Hatiye Garip

Hatiye Garip is an illustrator, comic artist and designer based in Istanbul, Turkey. She likes to draw birds, flowers and ordinary moments. Her works have been exhibited and published in many countries, including Portugal, Belgium, Lithuania, Bulgaria, the Czech Republic, South Korea, the USA and UK. She was one of the Adobe Creative Residency Community Fund 2020 recipients in last December. She has recently completed her first picture book Making My Own Way, which focuses on her childhood memories with her grandmother. Hatiye illustrated our third and fourth seasons, and the art for our website. You can see her works at hatiyegarip.com.

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Uzair Ahmed/Music

Uzair Ahmed, a Berklee College of Music graduate from Pakistan, elevates storytelling with the power of sound and music. A skilled audio engineer and producer, Uzair brings his global influences and a genre-infusing approach to projects across different mediums.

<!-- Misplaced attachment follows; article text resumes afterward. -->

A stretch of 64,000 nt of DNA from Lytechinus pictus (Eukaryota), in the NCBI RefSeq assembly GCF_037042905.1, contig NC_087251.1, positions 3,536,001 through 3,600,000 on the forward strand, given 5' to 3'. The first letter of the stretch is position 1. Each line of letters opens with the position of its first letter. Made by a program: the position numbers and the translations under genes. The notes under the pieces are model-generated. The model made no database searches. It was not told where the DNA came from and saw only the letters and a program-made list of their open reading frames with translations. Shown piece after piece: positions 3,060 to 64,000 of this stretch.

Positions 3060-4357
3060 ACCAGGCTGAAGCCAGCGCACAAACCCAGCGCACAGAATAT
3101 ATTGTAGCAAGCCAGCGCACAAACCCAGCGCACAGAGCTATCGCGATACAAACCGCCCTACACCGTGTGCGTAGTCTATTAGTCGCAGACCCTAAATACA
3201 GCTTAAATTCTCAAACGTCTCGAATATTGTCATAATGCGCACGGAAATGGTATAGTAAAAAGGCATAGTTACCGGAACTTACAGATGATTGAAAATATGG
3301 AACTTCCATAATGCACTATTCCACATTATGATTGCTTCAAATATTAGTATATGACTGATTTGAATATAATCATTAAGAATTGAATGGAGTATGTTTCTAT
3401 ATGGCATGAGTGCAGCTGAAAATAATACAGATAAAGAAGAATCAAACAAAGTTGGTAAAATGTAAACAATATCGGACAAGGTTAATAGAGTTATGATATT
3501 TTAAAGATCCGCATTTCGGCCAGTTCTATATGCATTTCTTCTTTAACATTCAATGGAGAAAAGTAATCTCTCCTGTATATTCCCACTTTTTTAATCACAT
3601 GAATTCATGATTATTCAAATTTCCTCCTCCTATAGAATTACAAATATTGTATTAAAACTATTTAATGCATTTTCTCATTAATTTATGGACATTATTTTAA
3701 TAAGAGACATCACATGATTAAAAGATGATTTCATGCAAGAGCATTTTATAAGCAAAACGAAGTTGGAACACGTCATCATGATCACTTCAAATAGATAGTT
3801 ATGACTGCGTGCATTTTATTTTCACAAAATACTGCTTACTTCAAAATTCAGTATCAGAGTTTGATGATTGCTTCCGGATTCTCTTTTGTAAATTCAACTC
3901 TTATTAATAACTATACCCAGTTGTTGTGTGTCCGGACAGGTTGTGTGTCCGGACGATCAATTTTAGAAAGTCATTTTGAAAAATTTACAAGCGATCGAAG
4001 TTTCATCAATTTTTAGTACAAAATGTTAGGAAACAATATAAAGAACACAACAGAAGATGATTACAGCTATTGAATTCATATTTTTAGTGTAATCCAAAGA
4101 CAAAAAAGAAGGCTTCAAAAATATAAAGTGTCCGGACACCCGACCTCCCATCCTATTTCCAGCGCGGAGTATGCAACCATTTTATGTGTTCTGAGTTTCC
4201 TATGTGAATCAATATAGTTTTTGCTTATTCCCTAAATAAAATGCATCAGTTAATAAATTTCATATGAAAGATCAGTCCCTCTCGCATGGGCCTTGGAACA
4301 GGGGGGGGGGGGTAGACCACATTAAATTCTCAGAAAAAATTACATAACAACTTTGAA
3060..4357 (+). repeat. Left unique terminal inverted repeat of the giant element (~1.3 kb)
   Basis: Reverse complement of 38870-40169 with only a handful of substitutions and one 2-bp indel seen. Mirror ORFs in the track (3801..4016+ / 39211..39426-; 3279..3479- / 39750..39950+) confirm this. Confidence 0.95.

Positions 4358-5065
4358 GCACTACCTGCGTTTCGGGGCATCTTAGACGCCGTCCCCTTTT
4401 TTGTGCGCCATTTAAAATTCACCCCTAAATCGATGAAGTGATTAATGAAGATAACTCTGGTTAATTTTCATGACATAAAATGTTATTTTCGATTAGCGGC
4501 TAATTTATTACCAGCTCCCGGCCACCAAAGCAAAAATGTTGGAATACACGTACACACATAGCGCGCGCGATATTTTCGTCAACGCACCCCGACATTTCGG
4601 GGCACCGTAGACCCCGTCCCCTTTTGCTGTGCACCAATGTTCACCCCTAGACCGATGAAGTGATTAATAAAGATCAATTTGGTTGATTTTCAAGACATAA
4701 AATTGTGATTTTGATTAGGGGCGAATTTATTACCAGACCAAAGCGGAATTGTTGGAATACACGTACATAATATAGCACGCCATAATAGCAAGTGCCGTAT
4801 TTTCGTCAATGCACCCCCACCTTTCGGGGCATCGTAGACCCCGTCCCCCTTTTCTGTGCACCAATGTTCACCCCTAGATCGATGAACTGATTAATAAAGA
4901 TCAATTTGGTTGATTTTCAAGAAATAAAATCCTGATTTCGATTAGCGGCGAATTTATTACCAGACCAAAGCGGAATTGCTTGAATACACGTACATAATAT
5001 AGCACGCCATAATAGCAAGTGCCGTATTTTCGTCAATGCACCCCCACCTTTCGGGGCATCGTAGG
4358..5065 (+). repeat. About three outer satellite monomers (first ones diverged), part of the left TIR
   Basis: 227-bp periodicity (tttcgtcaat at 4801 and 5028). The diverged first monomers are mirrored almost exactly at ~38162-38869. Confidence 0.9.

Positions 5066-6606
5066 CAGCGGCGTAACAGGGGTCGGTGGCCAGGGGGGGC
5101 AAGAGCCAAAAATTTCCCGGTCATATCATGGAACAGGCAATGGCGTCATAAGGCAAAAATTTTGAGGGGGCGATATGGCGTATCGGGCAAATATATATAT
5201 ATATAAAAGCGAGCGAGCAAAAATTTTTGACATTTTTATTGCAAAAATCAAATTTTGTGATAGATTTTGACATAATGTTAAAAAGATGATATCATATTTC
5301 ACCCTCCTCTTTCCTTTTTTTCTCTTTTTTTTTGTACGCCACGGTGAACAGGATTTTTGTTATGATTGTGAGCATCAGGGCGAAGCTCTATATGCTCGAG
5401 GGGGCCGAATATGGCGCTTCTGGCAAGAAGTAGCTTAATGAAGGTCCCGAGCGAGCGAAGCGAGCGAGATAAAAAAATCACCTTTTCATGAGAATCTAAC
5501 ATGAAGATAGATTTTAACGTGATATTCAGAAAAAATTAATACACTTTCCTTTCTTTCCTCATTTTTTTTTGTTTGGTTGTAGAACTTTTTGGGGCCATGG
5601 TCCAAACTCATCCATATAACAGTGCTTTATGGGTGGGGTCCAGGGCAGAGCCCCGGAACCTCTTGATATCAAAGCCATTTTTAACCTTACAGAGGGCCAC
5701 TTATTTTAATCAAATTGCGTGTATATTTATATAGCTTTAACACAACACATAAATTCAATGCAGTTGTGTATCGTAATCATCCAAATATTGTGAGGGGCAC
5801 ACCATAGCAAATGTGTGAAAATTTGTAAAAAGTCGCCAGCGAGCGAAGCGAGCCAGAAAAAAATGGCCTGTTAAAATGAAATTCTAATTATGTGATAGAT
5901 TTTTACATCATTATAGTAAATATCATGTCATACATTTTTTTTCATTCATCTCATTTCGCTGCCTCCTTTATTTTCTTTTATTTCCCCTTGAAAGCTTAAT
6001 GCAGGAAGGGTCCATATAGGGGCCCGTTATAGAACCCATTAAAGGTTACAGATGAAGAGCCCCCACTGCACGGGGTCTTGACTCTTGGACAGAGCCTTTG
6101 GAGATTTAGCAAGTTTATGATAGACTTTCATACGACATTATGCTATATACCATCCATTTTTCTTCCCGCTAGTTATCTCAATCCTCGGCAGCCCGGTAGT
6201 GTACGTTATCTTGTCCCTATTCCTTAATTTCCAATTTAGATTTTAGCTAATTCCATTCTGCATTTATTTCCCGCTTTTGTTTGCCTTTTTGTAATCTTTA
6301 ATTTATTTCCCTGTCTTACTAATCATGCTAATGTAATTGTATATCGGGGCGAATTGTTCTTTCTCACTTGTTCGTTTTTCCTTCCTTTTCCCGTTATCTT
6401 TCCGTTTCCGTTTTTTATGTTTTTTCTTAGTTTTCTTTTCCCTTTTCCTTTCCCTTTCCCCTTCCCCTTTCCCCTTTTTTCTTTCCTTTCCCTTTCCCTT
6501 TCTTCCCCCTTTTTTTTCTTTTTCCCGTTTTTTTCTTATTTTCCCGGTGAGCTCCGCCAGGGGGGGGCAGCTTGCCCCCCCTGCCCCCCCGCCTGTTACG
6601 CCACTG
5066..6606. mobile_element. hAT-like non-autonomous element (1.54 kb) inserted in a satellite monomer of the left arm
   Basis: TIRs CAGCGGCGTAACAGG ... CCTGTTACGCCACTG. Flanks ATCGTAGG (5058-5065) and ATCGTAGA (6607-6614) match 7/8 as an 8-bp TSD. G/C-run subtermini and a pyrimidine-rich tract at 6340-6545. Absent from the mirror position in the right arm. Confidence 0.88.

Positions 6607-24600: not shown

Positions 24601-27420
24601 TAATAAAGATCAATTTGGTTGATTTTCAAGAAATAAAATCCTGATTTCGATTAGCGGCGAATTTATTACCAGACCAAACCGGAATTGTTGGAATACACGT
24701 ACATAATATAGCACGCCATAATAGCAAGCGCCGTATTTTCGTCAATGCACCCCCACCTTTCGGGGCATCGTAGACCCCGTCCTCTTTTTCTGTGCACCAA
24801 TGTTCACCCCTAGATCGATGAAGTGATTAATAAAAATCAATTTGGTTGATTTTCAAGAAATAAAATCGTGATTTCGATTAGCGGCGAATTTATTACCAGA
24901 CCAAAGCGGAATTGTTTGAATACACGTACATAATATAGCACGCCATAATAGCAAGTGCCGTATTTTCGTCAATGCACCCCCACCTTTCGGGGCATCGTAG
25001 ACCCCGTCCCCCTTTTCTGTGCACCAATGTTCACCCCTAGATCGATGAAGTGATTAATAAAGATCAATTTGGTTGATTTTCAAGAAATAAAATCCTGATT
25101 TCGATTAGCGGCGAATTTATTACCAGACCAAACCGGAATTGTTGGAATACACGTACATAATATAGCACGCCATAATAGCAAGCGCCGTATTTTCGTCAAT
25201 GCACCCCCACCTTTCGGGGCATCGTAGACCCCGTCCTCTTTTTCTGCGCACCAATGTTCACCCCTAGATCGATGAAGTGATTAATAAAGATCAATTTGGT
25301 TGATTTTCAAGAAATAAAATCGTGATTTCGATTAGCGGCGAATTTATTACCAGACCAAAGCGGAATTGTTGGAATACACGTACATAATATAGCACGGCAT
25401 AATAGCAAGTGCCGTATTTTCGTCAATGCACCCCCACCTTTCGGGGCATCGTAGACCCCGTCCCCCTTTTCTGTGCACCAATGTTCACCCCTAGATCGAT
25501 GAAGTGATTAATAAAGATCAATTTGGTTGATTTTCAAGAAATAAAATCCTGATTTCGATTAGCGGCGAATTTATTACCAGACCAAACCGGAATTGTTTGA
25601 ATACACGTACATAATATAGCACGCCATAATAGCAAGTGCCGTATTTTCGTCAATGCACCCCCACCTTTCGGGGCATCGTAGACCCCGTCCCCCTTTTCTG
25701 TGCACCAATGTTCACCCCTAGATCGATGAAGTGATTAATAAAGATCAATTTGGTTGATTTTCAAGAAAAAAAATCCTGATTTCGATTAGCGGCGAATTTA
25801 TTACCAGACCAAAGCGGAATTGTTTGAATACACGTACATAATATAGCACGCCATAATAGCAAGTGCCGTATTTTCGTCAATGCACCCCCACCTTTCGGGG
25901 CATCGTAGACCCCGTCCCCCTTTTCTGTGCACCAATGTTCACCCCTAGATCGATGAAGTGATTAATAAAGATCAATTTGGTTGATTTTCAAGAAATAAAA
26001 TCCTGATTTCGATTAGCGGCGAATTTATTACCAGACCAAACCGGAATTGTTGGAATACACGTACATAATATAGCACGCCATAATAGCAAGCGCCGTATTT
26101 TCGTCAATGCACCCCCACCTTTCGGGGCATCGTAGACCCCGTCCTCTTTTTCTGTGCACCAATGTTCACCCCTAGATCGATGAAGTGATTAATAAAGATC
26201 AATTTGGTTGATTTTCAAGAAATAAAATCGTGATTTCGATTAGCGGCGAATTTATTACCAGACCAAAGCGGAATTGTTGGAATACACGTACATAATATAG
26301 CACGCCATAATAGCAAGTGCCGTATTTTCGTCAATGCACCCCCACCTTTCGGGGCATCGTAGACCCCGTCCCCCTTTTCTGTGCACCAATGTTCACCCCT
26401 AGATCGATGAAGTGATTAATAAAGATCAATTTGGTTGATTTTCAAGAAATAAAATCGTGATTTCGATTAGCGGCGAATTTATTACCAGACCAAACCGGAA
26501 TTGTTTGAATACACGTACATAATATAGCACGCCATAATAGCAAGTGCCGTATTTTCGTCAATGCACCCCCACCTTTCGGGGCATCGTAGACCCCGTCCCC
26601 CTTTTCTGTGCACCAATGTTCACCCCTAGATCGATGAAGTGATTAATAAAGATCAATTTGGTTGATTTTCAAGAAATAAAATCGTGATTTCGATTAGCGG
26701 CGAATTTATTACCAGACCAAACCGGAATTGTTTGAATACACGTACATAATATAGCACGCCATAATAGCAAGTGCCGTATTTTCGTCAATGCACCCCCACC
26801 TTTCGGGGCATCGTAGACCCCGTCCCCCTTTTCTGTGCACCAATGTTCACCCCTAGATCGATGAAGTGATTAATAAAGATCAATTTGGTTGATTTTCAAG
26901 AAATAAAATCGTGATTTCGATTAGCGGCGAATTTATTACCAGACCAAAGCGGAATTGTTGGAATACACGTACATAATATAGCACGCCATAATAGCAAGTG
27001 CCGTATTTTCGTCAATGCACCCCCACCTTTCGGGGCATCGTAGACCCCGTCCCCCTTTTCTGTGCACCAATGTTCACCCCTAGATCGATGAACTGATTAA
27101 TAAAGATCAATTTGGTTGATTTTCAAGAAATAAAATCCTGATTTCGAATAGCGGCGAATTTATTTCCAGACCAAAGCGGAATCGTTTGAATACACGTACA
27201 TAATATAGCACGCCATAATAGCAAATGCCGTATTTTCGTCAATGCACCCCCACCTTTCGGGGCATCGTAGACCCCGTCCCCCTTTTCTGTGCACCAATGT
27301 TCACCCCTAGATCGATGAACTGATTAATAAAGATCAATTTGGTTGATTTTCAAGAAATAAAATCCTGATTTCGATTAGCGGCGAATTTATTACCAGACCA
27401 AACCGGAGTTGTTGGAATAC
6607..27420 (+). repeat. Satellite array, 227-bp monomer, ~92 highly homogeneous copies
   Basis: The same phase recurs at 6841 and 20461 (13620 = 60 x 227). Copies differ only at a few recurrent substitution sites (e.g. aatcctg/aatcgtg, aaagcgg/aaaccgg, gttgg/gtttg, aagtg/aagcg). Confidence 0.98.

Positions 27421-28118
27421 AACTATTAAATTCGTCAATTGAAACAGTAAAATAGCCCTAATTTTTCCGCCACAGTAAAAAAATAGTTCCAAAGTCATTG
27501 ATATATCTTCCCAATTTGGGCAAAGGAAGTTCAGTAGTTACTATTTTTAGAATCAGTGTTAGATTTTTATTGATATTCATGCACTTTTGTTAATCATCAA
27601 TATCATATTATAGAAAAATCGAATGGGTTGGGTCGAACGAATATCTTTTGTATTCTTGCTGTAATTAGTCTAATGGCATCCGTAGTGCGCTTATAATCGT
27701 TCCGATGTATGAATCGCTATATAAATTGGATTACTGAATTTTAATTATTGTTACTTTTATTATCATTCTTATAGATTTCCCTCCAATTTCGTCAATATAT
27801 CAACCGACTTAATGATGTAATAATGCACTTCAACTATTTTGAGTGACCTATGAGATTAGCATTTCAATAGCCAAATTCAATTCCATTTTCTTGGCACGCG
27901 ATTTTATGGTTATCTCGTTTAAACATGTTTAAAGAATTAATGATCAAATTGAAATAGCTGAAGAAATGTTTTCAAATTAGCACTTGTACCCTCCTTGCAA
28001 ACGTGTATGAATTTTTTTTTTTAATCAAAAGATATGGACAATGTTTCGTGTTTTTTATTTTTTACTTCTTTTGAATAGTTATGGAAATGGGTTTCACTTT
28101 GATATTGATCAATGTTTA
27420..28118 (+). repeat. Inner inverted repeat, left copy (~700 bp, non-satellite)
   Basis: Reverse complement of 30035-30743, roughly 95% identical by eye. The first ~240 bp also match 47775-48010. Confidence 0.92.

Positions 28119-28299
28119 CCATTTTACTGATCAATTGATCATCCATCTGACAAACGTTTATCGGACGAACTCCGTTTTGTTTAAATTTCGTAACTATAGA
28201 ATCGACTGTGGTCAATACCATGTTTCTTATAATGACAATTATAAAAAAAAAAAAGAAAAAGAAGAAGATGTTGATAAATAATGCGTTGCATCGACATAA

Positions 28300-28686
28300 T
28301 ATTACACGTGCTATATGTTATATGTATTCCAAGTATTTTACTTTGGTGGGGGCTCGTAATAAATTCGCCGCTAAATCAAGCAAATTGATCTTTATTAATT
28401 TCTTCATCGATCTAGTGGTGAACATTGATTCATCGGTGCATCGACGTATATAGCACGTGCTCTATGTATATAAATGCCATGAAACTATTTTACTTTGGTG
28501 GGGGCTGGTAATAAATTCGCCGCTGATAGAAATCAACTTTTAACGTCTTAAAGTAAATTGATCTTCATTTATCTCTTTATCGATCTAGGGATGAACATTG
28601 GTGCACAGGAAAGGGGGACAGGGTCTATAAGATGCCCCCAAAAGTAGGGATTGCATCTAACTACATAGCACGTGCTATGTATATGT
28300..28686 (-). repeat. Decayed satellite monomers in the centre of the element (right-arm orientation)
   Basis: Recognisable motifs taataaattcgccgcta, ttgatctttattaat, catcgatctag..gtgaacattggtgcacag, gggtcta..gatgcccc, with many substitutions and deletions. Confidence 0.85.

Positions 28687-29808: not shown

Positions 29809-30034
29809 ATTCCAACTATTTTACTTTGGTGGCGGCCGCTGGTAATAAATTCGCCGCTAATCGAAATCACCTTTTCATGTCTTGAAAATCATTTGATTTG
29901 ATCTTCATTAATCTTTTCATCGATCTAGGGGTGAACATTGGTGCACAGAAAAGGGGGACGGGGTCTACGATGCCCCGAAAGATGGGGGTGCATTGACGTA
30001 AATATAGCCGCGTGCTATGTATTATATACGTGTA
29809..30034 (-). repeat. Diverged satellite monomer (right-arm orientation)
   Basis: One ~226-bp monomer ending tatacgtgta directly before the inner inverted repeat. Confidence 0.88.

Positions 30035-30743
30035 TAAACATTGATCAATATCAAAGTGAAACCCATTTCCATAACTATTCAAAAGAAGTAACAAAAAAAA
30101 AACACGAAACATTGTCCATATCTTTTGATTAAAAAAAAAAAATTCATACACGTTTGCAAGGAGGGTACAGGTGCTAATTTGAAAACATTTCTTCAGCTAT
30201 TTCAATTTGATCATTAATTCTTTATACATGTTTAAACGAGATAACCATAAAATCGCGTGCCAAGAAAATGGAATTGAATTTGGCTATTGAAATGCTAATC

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John Klopotowski/Translator & Fact-Checker

John Klopotowski is a freelance journalist and translator based in Northern California and is currently interning for The World. He speaks Arabic and Turkish. John has recently enjoyed reporting on local politics and current events in Oakland, CA—some of this coverage can be read in Oaklandside. He spends his free time wrapping grape leaves and walking his Old English Sheepdog, Augie.

Umar Farooq/Research & Marketing

A physicist turned journalist, Umar’s reporting includes breaking news and investigative features, spanning four continents. He is a recipient of grants from the Pulitzer Center for Crisis Reporting and the National Geographic Society. He has been a correspondent for The Los Angeles Times, Reuters, and Al Jazeera English, reporting from the Middle East and South Asia, and a national investigative reporter with ProPublica. His work has also appeared in Foreign Affairs, Foreign Policy, the Atlantic, the Nation, the Intercept, National Geographic, the Wall Street Journal, and the Christian Science Monitor. Born in Pakistan and raised in New Orleans, he is fluent in Urdu and can do pretty well in Arabic and Turkish.